Hi Daniel,
I just wanted to share a couple more photos of the caterpillars I inquired about. My mother actually discovered a second one in another hydrangea bush. They have none of the trees you listed nearby, so were not able to relocate them. However, both are eating, growing and changing colors in the hydrangeas.
Cynthia

Hickory Horned Devil eating Hydrangea

Thanks for the update Cynthia. We have not been able to locate any additional information on Hickory Horned Devils eating leaves from hydrangea.

Subject:  winged insect
Geographic location of the bug:  Tioga Co, PA
Date: 09/06/2017
Time: 03:46 PM EDT
I found this bug on the wall of our hunting cabin in Wellsboro, PA….looks kind of like a Snakefly, but wondered if y’all could ID it for me.
How you want your letter signed:  Ginette

Giant Eastern Crane Fly

Dear Ginette,
This magnificent creature is a Giant Eastern Crane Fly,
Pedicia albivitta.  According to BugGuide:  “two distinct flight periods: usually May/June and September/October” so this sighting is right on time.

What's That Bug? does not endorse extermination

Subject:  What is this Jumping/Flying big
Geographic location of the bug:  My Bed
Your letter to the bugman —
I am getting itchy red bites all over my body. Legs, thigh, stomach, Arms, Hands, lower back. I found small jumping or flying bugs. They are tiny and look like a spec of dirt. Is this a flea or a bedbug or something else?
How you want your letter signed —
Adriana

Flea

Dear Adriana,
Between your description and the blurry image you submitted, we are quite certain you are getting bitten by Fleas.  Do you have a pet that sleeps on the bed with you?  You should consider flea treatment for your pet.

Subject:  metalic copper green beetle
Geographic location of the bug:  Southeast Washington Kennewick
Date: 09/05/2017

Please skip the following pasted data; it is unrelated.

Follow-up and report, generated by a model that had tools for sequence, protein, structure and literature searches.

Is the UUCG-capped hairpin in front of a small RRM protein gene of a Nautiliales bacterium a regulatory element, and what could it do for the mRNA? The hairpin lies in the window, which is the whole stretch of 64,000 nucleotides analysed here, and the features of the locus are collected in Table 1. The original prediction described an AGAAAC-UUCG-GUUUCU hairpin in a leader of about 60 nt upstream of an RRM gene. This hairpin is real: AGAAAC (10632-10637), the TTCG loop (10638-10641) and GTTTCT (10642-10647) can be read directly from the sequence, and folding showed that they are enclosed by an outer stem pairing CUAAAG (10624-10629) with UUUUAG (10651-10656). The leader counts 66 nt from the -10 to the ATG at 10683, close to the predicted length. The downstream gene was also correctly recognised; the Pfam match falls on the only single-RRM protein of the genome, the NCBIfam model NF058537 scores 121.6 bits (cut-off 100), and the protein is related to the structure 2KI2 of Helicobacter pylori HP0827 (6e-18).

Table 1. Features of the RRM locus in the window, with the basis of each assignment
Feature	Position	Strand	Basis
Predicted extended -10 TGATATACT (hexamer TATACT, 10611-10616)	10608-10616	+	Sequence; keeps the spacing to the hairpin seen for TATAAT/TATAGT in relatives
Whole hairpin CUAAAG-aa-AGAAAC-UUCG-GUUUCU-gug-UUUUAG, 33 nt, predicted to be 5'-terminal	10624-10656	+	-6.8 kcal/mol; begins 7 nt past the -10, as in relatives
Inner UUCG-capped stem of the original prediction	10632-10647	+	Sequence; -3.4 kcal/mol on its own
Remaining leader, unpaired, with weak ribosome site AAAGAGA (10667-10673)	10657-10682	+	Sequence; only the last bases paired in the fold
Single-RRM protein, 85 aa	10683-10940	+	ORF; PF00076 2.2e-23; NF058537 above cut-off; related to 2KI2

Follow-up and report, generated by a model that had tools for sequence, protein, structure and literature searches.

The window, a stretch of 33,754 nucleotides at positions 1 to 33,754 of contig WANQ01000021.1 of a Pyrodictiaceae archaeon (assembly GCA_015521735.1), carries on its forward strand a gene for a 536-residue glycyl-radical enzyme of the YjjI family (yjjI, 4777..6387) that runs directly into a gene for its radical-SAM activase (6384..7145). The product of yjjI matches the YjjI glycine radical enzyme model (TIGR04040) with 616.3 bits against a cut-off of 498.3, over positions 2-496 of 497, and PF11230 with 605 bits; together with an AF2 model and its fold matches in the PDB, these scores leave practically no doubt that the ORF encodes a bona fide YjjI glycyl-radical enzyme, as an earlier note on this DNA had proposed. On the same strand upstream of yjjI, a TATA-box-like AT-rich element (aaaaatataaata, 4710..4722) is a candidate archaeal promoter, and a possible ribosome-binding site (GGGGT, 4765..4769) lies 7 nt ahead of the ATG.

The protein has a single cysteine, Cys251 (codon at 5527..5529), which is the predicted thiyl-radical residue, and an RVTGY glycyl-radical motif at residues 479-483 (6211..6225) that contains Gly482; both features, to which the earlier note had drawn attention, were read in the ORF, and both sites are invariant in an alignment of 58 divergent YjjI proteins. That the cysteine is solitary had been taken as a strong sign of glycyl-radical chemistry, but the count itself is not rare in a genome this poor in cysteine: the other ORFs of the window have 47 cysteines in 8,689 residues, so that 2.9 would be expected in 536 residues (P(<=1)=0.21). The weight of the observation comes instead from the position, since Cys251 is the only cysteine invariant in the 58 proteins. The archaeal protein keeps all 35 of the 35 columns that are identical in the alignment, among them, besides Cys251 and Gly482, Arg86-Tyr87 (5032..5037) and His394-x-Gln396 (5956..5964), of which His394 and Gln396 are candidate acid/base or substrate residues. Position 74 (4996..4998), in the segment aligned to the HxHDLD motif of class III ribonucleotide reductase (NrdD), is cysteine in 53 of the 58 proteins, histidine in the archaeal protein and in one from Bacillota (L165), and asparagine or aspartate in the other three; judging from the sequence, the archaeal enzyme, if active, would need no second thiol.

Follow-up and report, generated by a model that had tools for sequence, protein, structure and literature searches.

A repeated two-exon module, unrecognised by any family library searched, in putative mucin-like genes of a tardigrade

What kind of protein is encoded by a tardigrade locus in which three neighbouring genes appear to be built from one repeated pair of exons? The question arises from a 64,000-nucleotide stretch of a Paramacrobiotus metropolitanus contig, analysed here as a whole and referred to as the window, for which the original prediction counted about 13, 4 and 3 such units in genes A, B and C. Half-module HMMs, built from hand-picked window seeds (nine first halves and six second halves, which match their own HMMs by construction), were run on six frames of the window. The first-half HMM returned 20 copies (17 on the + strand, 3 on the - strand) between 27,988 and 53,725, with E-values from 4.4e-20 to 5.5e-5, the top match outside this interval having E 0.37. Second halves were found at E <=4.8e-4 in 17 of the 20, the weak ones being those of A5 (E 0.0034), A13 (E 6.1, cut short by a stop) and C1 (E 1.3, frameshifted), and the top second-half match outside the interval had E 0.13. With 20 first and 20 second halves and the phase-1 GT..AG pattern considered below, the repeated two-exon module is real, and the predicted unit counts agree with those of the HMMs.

Time: 12:11 AM EDT
Found this beetle on my driveway end of August and looked at many photos online and can’t seem to find anything quite like it and only found one. Can you identify?
How you want your letter signed:  Gerry Presby

Jewel Beetle: Buprestis viridisuturalis

Dear Gerry,
The beautiful metallic coloration of your beetle, a trait that is shared with many members of its family, has resulted in a familial name of Jewel Beetle, but alas, your individual, 
Buprestis viridisuturalis, which we identified on BugGuide, does not have a common name other than that shared with others in the family.

Subject:  2 bugs I can’t find
Geographic location of the bug:  Blacksburg, Virginia
Date: 09/05/2017
Time: 08:56 AM EDT
I have 2 bugs I’ve had trouble finding out what they are. I’ve started recording bugs for my YouTube channel and I need to know what they are before I can upload the content. Thanks for your help!
How you want your letter signed:  Violent Beautiful Nature

Leaf-Footed Bug Nymph

Dear Violent Beautiful Nature,
One of your images is of a Leaf Footed Bug nymph, and we believe that based on this BugGuide image, it is in the genus
Piezogaster.  Your other insect is a Stink Bug Nymph.